09 January 2009

Judicial Activism Strikes a Second Time in Montana

Last December, a Montana District Court judge legalized assisted suicide in the state of Montana. (See my post on that here.) On Wednesday, the same judge refused to issue a stay of the decision pending the outcome of an appeal to the Montana Supreme Court. (A stay would prevent the decision from coming into effect until the appeal was decided on.) The Attorney General for Montana requested that the decision be suspended pending appeal. (See story here.)

However, traditionally in the court system, controversial decisions are stayed until the higher court makes a decision on it. By ignoring that, Judge Dorothy McCarter is deciding that she has the right to force on Montanan's whatever she wants, irrespective of precedent or the rule of law. The people of Montana have not voted to legalize assisted suicide, and the elected legislature has not passed a law permitting assisted suicide- this one woman had made that decision for the entire state! If that doesn't smack of judicial activism, what does?

So, as of last Wednesday, the people of Montana have a "right" to assisted suicide. These are dark, dark days for Montana. Unlike Oregon and Washington who can at least claim to have some safeguards to protect vulnerable people (though we know how well those work) this decision by Judge McCarter provides for no safeguards, no process by which they can even claim to attempt to protect vulnerable people. Until and unless the Montana Supreme court throws out this decision, the elderly and persons with disabilities in Montana are in great danger from their doctors and even their families. If you are tired of dealing with Mom's dementia, and convince her doctor (or, her doctor convinces you) Mom can be put down like a dog, thanks to Judge McCarter. No one can ask any questions about why it happened, or if Mom even requested it, because according to Baxter v. Montana, physician assisted suicide is legal. Feeling the pinch of the recession, and tired of waiting for your inheritance and Dad lives in Montana? No problem, just have the doctor do away with Dad and that inheritance is yours, courtesy of Judge McCarter and Baxter v. Montana. Maybe you don't have a desire to see the vulnerable members of your family killed, but are you sure about your doctor?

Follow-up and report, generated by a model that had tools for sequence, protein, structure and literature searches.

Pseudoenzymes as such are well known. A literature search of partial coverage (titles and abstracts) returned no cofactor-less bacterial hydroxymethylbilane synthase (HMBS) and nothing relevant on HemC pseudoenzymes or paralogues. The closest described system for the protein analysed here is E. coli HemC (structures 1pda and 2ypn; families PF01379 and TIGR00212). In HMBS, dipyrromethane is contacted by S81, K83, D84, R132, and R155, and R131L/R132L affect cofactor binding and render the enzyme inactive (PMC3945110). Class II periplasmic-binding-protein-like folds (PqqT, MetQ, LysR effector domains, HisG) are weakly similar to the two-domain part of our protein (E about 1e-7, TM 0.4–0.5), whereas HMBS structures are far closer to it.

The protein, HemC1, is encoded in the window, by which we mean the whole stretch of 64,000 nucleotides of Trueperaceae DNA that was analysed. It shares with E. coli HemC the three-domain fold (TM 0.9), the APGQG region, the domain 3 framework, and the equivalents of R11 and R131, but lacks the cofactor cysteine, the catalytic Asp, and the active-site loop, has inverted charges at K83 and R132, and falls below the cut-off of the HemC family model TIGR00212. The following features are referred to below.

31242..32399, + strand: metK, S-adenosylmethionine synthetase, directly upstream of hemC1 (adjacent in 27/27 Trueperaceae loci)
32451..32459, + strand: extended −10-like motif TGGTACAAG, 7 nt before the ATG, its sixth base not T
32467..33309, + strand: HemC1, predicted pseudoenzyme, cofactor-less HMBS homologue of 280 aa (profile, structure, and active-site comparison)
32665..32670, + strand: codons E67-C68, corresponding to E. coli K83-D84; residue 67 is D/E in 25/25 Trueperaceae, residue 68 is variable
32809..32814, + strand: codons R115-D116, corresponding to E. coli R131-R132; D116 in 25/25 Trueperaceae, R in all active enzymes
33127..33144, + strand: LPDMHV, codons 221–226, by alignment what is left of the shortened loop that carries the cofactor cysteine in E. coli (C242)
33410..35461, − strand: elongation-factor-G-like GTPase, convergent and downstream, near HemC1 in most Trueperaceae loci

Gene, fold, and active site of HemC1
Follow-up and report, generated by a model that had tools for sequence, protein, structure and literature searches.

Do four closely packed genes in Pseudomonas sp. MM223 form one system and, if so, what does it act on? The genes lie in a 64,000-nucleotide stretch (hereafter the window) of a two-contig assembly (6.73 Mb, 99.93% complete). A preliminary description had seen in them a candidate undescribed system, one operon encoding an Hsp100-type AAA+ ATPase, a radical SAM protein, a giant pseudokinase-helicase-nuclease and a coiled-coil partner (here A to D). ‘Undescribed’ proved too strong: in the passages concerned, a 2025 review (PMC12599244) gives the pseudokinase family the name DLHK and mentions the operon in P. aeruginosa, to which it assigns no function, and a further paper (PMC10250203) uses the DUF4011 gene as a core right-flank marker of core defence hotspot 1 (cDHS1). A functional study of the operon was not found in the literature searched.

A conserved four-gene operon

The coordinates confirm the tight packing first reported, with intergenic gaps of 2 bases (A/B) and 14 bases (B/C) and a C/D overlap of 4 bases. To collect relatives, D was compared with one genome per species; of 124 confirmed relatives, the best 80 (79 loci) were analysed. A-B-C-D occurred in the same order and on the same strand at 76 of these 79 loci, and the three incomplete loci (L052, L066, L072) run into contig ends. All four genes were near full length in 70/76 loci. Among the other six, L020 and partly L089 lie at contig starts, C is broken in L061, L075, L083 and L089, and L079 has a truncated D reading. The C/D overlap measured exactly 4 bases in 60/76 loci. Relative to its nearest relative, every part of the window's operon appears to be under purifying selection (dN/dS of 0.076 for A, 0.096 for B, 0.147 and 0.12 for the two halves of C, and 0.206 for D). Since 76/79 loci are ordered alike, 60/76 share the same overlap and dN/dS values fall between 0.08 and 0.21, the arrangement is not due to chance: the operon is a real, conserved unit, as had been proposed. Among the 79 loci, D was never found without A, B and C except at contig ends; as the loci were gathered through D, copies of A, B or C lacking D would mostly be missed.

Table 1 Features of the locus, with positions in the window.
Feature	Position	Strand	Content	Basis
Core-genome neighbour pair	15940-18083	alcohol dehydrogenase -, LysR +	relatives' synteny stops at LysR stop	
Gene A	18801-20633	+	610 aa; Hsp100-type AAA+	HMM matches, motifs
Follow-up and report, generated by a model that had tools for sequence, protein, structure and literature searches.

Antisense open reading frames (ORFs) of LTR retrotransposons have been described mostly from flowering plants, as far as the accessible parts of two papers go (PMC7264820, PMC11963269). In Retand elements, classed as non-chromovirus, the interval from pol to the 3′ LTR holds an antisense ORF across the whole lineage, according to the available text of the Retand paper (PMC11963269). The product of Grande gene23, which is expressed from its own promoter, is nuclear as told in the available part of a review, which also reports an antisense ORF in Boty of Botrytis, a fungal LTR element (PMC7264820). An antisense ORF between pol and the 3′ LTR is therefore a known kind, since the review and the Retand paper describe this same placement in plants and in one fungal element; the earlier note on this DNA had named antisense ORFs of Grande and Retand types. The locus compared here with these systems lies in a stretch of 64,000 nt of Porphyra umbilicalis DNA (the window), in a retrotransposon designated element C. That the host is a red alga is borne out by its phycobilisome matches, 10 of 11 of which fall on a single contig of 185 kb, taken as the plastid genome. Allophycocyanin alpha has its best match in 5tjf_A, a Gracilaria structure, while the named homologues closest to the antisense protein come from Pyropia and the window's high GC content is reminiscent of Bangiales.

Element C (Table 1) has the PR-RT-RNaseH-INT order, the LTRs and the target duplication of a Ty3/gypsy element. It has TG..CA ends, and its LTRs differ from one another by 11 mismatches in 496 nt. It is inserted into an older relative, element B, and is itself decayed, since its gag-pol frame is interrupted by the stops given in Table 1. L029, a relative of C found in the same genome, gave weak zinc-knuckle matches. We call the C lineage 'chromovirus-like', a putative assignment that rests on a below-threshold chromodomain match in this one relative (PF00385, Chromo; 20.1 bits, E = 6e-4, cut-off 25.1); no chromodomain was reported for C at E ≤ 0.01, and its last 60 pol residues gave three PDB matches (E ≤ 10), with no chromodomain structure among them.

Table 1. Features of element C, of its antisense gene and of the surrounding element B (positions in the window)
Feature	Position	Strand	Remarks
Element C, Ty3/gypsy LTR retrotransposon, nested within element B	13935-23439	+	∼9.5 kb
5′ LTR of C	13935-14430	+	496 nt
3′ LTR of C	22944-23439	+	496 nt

I am sure that some of you who just read that paragraph are now thinking I am, at the very least exaggerating and very possibly just trying to stir up the pot. Nothing could be farther from the truth. These sorts of things happen routinely in jurisdictions that have legalized assisted suicide (and even in jurisdictions that haven't.) It was reported yesterday that Martin Ryan was starved to death over 26 days while staying in a hospital. Oh, and he had Down's syndrome. In the UK a few weeks ago, two paramedics responded to the equivalent of a 911 call from Barry Baker having a heart attack. Mr. Baker was also disabled. He collapsed before they arrived, but the line to the 911 service was still recording. That tape picked up the paramedics saying that he was "not worth saving." They decided (and remember, this was recorded) that they would just tell the hospital he was dead when they arrived.

We in the Western world live in a society where the culture of death reigns supreme. Judge McCarter's actions show that she is a member of the culture of death and will do whatever is necessary, even defying tradition and precedent to ensure her ideology wins out. That is not the role of the judiciary. The role of the judiciary is to interpret the law made by the duly elected legislature/parliament/commons/congress of the land. They are not to make law, and yet that is exactly what Judge McCarter has done.

The deaths that will come in Montana as a result of her decision are directly attributable to her, but she will face no consequences here on Earth for it. Instead she will be, and is being, lauded for her bold and courageous decision.

What a sick, sick world.

H/t to Disability Matters and Secondhand Smoke

1 comment:

Virginia Beach said...

Sarah, spot-on. We need thousands more like you. Thanks for doing your part in getting those thousands mobilized!!!